Then the leadership must develop a plan to address the crisis and redress the situation. Spending time to develop a plan rather than engaging in an off the cuff system of resolving the crisis will save time and resources. The natural inclination during crisis is to switch to panic mode and do that which will appease the people but that does not always work. During crisis, the primary responsibility of a leader is to be calm. By being calm, he sends a signal to others that the situation is under control. But if the leader shows that he is as confused as the people he leads and resorts to panicky measures, the crisis will get escalated because everybody will either do nothing or engage in activities which would be counter-productive. So, the best thing is to take time to develop a plan. It may appear slow at the onset but the result will justify the time taken to develop a plan.
This is very critical for any organization. When there is a crisis, all ears will be itchy for information; the workforce will want to be updated, the public will be interested in what is going on, customers and clients will want to know what the issues are, investors will require assurance about the safety of their investment, competition will want to scoop as much information as possible so that they know how the development could impact on their own operation. Therefore, the organization facing the crisis cannot afford to have wrong information getting out because that could be more damaging than the crisis itself. Therefore, every communication must be harmonized, not with a view to misleading the public and other stakeholders but with the intent of guarding against the misinformation of interested parties.
So, all members of staff, with the exception of those who are saddled with the responsibility, must be barred from speaking with any member of the public with heavy sanctions meted out to those who violate the instruction. Those given the responsibility of communicating with the public must make themselves available to everyone who seeks information because hoarding information could be wrongly interpreted by those who seek information.
However, those managing the information should guard against sending out falsehood or half truth as doing so may destroy the reputation of the organization beyond measure once there is a leak. Apart from the services or products that an organization markets, what sustains it is its goodwill and reputation. If those are lost as a result of trying to cover up during a crisis, the effect may cost the organization years of hard work and good deeds.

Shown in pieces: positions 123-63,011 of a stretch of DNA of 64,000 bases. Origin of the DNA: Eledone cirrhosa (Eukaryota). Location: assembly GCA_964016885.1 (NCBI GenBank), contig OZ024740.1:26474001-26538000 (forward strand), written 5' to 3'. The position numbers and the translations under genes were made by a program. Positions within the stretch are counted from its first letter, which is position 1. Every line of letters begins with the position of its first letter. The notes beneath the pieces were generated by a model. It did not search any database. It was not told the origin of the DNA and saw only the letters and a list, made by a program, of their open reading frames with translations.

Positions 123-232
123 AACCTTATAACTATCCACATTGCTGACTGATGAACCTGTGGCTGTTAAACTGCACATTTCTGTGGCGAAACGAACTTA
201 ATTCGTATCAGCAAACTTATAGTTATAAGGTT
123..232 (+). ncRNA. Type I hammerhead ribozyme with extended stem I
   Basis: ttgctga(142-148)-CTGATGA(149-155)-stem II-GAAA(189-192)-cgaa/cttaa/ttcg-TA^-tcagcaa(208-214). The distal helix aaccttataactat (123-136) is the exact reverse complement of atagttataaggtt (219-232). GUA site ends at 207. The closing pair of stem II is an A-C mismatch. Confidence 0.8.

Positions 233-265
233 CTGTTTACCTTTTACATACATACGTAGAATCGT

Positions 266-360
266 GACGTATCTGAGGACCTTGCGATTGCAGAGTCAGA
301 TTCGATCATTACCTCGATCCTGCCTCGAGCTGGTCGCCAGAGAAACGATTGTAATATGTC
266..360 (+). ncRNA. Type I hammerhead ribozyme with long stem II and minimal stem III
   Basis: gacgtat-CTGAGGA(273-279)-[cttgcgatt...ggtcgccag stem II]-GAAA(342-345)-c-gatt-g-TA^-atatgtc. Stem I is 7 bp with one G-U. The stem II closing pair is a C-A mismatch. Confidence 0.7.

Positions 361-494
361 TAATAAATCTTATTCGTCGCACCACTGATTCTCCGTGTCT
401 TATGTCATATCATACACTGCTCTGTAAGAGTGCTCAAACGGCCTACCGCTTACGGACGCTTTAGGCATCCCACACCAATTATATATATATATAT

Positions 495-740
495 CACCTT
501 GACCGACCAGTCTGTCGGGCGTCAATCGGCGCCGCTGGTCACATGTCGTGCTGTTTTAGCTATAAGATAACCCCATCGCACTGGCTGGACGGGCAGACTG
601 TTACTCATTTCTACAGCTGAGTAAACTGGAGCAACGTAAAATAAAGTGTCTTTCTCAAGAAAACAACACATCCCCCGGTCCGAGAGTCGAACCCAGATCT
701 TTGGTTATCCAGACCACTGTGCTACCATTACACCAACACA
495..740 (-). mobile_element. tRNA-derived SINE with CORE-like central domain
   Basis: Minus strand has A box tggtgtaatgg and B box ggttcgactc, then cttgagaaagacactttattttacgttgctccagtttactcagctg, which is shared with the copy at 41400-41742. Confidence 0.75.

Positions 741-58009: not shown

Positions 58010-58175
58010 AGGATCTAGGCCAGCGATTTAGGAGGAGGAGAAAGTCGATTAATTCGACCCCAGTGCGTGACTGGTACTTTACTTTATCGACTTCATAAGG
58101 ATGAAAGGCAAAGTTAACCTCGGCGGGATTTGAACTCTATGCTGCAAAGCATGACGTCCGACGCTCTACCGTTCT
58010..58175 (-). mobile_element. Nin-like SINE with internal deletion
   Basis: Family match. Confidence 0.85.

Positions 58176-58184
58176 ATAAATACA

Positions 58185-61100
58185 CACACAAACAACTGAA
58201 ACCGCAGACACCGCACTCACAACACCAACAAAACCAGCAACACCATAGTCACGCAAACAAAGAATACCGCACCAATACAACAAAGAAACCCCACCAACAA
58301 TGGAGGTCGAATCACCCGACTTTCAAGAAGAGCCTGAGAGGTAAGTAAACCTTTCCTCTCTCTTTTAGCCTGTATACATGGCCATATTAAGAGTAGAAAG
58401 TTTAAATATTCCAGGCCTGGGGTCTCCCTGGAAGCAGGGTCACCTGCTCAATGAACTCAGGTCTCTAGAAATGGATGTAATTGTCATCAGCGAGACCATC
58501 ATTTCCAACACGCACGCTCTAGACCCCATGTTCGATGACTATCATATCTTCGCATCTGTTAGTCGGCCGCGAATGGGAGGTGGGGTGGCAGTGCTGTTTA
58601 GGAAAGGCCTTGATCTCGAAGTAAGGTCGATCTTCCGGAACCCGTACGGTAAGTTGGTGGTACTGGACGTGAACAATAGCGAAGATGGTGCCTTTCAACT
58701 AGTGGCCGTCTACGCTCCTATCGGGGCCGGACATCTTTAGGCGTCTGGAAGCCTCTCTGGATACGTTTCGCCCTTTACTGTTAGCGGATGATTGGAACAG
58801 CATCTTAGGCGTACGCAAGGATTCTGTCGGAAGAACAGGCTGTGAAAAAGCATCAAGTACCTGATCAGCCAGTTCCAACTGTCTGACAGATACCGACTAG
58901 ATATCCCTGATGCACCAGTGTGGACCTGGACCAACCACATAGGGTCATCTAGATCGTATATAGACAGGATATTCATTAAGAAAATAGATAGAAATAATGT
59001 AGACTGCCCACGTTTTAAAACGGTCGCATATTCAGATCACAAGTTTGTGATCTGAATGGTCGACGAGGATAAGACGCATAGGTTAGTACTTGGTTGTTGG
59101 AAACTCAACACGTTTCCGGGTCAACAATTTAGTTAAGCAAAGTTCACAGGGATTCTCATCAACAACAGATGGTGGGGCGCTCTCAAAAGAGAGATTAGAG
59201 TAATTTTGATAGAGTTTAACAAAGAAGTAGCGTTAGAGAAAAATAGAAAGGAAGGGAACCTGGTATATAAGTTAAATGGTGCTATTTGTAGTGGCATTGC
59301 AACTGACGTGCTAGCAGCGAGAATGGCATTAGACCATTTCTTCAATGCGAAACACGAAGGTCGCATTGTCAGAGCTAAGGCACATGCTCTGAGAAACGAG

Work the plan
Having done all of the above, the next thing is to work the plan. In working the plan, all stakeholders including the public should be carried along. Let the whole world know all efforts being made to address the issue. During a crisis, passing out the right information is essential. Giving the right information about what is being done will create confidence in the public and may result in those concerned lending a hand of support to the organization.
If proper thinking went into developing the plan, getting out of the crisis should not be difficult.
As mentioned earlier, resolving the crisis will only restore the organization to the pre-crisis stage. If that is the point that the organization stops, it does not get the best out of the situation. After resolving the crisis, with all hands still on deck and all members of the organization still gung-ho, the leader should create a new challenge for the organization. Without letting the steam cool, he must come up with a new product or a new marketing plan or any other thing that will shoot up the profile of the organization. The workforce at the time of the crisis resolution will be brimming with positive energy which should be harnessed by the leadership to achieve greatness for the organization. Resolving the crisis, as good as it is, is not the time for glass-clinking or back-patting, it is time to get to work so as to make up for the time devoted to getting out of the crisis.
As soon as a plan to resolve the crisis is developed, the leader must move to other things by developing a blueprint on what to channel the positive energy and the enthusiasm of the workforce to immediately the crisis is over. It is doing so that creates opportunities for the organization to go higher than it was before the crisis.
Success is never accidental. Those who climb on the back of crisis to greatness do so by taking deliberate steps that propel them beyond their pre-crisis level as soon as they find a way out of the crisis.